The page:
Dirt Rally - 2015 - Codemasters - Experienced on PC

Alistair Walker

First being put into the hands of virtual drivers as an early access PC title in 2015, Dirt Rally promised a more focused and realistic experience than the previous entries in the series, an element somewhat overdue with WRC games of the time failing to hit the mark. with most hard-core rally sim fans still going back to 2004’s Richard Burns Rally.

Built upon the same engine as the earlier Dirt and Grid games, Dirt rally saw a revised physics and tyre model which, while not perfect, was a huge leap forward. This also included hardware support for the first time for ‘H-Pattern’ gear sticks and analogue handbrakes. Coupled with this were new longer and more challenging stages and a new career mode which cut things back to the essentials.

The car selection gave a balance of, at the time, current WRC cars (later titles would lose these to licencing), as well as going through the decades back to the 60’s with memorable cars like the Quattro, 131 and Escort Cosworth among them. The locations similarly focused on some of the best-known courses with a mix of tarmac, gravel and snow. 

Where Dirt Rally was at its best through, and the reason it is my racing game of the decade, is if you had a wheel, turned all the assists and HUD off, then you were left with a challenging but rewarding experience. An experience that left just you, your car and the words of your co-driver to take on the stage. The very essence of rallying.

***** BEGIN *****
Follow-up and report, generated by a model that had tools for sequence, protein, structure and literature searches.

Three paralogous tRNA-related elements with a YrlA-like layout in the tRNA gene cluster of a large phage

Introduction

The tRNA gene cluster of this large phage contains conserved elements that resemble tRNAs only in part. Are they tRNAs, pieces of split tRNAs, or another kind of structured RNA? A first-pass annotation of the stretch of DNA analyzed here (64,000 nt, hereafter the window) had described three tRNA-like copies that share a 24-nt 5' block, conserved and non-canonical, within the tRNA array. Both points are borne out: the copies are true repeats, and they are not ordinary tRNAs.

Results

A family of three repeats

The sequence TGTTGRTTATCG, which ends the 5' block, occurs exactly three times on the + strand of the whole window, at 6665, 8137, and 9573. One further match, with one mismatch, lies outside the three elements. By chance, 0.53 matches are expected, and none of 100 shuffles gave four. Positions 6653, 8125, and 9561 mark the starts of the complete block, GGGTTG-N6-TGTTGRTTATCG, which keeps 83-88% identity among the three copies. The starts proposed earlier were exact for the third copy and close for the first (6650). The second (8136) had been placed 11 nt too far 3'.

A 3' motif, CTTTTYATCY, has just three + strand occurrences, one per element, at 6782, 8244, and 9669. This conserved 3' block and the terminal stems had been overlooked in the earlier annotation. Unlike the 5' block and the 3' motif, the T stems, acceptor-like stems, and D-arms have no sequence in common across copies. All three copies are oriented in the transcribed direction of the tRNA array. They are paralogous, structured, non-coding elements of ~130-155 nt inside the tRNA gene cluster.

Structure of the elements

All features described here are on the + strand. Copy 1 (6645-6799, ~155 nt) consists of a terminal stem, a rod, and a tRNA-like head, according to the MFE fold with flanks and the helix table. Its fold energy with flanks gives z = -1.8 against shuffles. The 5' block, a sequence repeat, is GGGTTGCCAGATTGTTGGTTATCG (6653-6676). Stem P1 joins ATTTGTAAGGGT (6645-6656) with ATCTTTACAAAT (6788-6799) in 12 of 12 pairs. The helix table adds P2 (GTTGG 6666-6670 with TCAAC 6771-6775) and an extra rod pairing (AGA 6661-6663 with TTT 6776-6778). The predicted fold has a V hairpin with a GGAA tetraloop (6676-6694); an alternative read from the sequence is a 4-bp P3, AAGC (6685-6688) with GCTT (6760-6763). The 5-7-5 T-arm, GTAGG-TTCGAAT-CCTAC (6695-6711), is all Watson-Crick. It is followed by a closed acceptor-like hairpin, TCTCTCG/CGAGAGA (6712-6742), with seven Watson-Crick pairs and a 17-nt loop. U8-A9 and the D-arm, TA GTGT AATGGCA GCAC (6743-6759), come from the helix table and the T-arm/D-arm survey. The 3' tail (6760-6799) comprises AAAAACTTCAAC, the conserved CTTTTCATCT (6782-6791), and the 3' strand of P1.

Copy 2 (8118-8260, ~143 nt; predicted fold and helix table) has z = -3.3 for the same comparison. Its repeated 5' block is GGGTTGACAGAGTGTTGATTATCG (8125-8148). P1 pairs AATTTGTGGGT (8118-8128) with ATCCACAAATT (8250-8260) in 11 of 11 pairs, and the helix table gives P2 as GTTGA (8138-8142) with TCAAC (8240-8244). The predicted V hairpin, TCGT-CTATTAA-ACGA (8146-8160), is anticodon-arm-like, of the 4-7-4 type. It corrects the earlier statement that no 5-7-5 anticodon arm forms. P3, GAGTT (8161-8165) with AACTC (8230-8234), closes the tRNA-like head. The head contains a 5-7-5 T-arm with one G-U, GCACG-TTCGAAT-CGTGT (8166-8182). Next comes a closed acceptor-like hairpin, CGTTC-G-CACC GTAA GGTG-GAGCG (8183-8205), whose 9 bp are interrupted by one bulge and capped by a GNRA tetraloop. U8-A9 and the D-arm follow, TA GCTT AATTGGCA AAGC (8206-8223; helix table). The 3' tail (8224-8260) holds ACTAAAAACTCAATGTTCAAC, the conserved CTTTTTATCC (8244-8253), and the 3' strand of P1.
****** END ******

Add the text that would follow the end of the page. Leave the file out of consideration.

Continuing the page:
Gran Turismo 5 - 2010 - Polyphony Digital / Sony - Experienced on PlayStation 3

Chris Strickland

Why is Gran Turismo 5  my game of the decade?

After years of waiting, ‘GT5’ was released in November 2010. Selling 11.95 million copies, it would become the 2nd highest selling game in the franchise’s now 22-year history. It won the ‘Joystick Award’ in 2011 for the Best Racing Game, beating the likes of Forza Motorsport 4, won multiple ‘best in category’ awards and achieved a score of 84/100 on Metacritic. It brought the GT brand to the new console era with a bang, it set the trend for what was to come over the next 9 years.

But it’s not that simple, is it, not for this decade?! In a decade which has seen the resurgence of the Formula 1 series, the excellent GRID: Autosport, Forza going from strength to strength and finally the detailed, in-depth, sim juggernauts that are Assetto Corsa and Rfactor 2, why did I pick GT5 to be my racing game of the decade?

It all comes down to one game-changing feature (pun intended!) the introduction of the GT Academy. Sure, it’s fun to play through the single-player, smashing the A.I., collecting every car possible (which I did my best to do, there were over 1000 cars in my garage last time I checked), or going online and gritting your teeth as for the 3rd race in a row you were taken off at the first corner by the incompetent racer who doesn’t know the difference between the brake and the accelerator was exhilarating, but GT Academy did something totally revolutionary.

What the GT Academy did for me, that no other game had done before, was give my virtual world actual weight in the real world. For the first time in my life, my hobby could lead to a dream career of becoming a real racing driver. Spoilers, it didn’t, but I did at least get the chance to challenge for a spot in the GT Academy at Silverstone and for that I will be eternally grateful to Kazunori Yamauchi and his team at Polyphony Digital. That is why GT5 is my racing game of the decade.

Stelvio Automotive – Article 98 - @StelvioAuto